Work out what you can claim

The scheme is being administered by HMRC. Therefore, employers must submit information to HMRC about workers who have been furloughed, together with their earnings.

The online service you’ll use to claim is not available yet. HMRC expect it to be available by the end of April 2020.

Full time and part time employees:

For full time and part time salaried employees, the employee’s actual salary before tax, as of 28 February should be used to calculate the 80%. Fees, commission and bonuses should not be included.

Employees whose pay varies:

If the employee has been employed (or engaged by an employment business) for a full twelve months prior to the claim, you can claim for the higher of either:

  • the same month’s earning from the previous year

  • average monthly earnings from the 2019-20 tax year

If the employee has been employed for less than a year, you can claim for an average of their monthly earnings since they started work. If the employee only started in February 2020, use a pro-rata for their earnings so far to claim.

Once you’ve worked out how much of an employee’s salary you can claim for, you must then work out the amount of Employer National Insurance Contributions and minimum automatic enrolment employer pension contributions you are entitled to claim.

Employer National Insurance and Pension Contributions:

All employers remain liable for associated Employer National Insurance contributions and minimum automatic enrolment employer pension contributions on behalf of their furloughed employees.

You can claim a grant from HMRC to cover wages for a furloughed employee, equal to the lower of 80% of an employee’s regular salary or £2,500 per month, plus the associated Employer National Insurance contributions and minimum automatic enrolment employer pension contributions on paying those wages.

You can choose to provide top-up salary in addition to the grant. Employer National Insurance Contributions and automatic enrolment contribution on any additional top-up salary will not be funded through this scheme. Nor will any voluntary automatic enrolment contributions above the minimum mandatory employer contribution of 3% of income above the lower limit of qualifying earnings (which is £512 per month until 5th April and will be £520 per month from 6th April 2020 onwards).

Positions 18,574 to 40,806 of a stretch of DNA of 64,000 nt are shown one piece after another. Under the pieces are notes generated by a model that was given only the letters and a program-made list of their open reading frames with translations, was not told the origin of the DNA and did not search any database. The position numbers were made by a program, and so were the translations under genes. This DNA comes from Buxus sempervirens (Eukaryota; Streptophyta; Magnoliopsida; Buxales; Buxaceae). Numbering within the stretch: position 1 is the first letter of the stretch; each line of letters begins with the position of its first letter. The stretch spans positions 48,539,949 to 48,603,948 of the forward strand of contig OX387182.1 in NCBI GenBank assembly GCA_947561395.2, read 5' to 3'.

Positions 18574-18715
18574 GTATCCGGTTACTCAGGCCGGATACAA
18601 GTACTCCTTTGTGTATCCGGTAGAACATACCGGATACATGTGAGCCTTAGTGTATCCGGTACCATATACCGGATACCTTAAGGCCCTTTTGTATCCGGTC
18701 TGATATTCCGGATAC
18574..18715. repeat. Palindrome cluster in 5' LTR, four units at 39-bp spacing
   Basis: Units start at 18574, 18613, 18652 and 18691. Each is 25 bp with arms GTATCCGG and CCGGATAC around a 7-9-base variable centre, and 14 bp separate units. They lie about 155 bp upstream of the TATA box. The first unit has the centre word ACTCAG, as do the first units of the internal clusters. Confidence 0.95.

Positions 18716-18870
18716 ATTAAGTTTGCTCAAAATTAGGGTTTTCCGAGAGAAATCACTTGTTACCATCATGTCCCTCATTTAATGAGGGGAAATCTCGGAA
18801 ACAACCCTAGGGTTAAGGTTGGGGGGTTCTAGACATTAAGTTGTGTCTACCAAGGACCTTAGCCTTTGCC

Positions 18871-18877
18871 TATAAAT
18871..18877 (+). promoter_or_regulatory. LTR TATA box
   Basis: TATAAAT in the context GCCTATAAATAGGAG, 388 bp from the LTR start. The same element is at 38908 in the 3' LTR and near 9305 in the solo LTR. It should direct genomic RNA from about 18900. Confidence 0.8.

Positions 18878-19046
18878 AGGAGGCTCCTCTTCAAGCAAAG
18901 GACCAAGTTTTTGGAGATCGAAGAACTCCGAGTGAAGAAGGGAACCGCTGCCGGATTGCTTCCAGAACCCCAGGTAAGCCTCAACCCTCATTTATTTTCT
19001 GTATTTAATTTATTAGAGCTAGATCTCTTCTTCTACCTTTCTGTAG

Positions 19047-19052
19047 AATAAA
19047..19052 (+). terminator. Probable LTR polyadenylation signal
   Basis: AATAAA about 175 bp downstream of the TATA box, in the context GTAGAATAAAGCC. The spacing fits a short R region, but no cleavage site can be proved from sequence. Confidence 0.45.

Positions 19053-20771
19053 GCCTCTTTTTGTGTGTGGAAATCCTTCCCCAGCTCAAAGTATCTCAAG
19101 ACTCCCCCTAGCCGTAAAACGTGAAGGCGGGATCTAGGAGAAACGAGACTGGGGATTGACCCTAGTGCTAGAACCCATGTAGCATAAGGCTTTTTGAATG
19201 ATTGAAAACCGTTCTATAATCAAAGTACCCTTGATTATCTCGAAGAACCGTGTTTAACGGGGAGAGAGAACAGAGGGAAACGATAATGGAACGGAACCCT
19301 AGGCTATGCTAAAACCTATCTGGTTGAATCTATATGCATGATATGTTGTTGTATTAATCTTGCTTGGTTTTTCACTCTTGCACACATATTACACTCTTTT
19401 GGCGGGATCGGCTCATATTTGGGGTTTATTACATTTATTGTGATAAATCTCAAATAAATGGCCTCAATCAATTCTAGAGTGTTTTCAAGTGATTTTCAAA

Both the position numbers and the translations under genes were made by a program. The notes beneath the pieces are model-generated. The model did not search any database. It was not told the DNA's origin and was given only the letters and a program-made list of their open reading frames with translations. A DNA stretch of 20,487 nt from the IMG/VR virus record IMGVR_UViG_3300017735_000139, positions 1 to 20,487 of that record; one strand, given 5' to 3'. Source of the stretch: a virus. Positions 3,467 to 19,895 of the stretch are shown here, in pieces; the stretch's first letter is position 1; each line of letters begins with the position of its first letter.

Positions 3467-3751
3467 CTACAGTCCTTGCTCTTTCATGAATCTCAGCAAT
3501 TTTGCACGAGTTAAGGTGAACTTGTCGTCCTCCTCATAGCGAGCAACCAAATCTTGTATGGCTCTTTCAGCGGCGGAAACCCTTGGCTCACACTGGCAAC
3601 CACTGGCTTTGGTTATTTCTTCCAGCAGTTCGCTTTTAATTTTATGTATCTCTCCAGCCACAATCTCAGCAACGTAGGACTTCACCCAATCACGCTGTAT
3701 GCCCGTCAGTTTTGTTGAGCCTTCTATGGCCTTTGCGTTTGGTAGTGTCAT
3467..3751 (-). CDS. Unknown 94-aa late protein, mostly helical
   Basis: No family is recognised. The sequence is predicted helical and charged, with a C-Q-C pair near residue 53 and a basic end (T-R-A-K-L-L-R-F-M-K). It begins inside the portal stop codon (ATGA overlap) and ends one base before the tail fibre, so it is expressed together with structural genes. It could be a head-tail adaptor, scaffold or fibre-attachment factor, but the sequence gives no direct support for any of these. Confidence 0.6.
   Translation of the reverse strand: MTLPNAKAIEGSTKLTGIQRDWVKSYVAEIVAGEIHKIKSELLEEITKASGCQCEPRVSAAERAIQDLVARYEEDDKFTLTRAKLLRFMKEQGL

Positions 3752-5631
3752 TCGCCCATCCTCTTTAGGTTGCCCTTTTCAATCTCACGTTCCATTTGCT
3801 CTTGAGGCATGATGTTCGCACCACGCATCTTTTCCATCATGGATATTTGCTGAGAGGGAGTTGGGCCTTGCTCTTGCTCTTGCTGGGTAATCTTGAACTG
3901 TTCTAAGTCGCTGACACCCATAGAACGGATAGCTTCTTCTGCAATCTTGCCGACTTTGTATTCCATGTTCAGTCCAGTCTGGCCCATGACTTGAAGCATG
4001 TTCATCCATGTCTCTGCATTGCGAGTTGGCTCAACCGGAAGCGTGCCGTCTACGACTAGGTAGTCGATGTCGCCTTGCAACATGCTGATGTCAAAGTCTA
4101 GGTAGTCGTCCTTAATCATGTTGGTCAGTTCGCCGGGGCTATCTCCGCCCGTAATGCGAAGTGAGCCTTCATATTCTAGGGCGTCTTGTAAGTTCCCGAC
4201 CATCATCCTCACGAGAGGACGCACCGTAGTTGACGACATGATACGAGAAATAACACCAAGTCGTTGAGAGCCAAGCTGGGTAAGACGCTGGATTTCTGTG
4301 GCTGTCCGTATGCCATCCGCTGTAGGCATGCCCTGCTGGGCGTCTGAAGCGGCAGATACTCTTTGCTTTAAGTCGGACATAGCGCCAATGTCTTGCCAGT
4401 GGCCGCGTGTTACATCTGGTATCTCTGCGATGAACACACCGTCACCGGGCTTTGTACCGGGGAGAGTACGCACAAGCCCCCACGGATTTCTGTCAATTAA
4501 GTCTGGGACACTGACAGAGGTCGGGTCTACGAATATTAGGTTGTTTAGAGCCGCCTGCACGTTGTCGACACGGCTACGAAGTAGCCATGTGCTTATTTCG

National Living Wage/National Minimum Wage:

Individuals are only entitled to the National Living Wage (NLW)/National Minimum Wage (NMW) for the hours they are working. Therefore, furloughed workers, who are not working, must be paid the lower of 80% of their salary, or £2,500 even if, based on their usual working hours, this would be below NLW/NMW.

However, if workers are required to for example, complete online training courses whilst they are furloughed, then they must be paid at least the NLW/NMW for the time spent training, even if this is more than the 80% of their wage that will be subsidised.


What you'll need to make a claim:

Employers should discuss with their staff and make any changes to the employment contract by agreement. Employers may need to seek legal advice on the process. If sufficient numbers of staff are involved, it may be necessary to engage collective consultation processes to procure agreement to changes to terms of employment.

To claim, you will need:

  • your ePAYE reference number

  • the number of employees being furloughed

  • the claim period (start and end date)

  • amount claimed (per the minimum length of furloughing of 3 weeks)

  • your bank account number and sort code

  • your contact name

  • your phone number

You will need to calculate the amount you are claiming. HMRC will retain the right to retrospectively audit all aspects of your claim.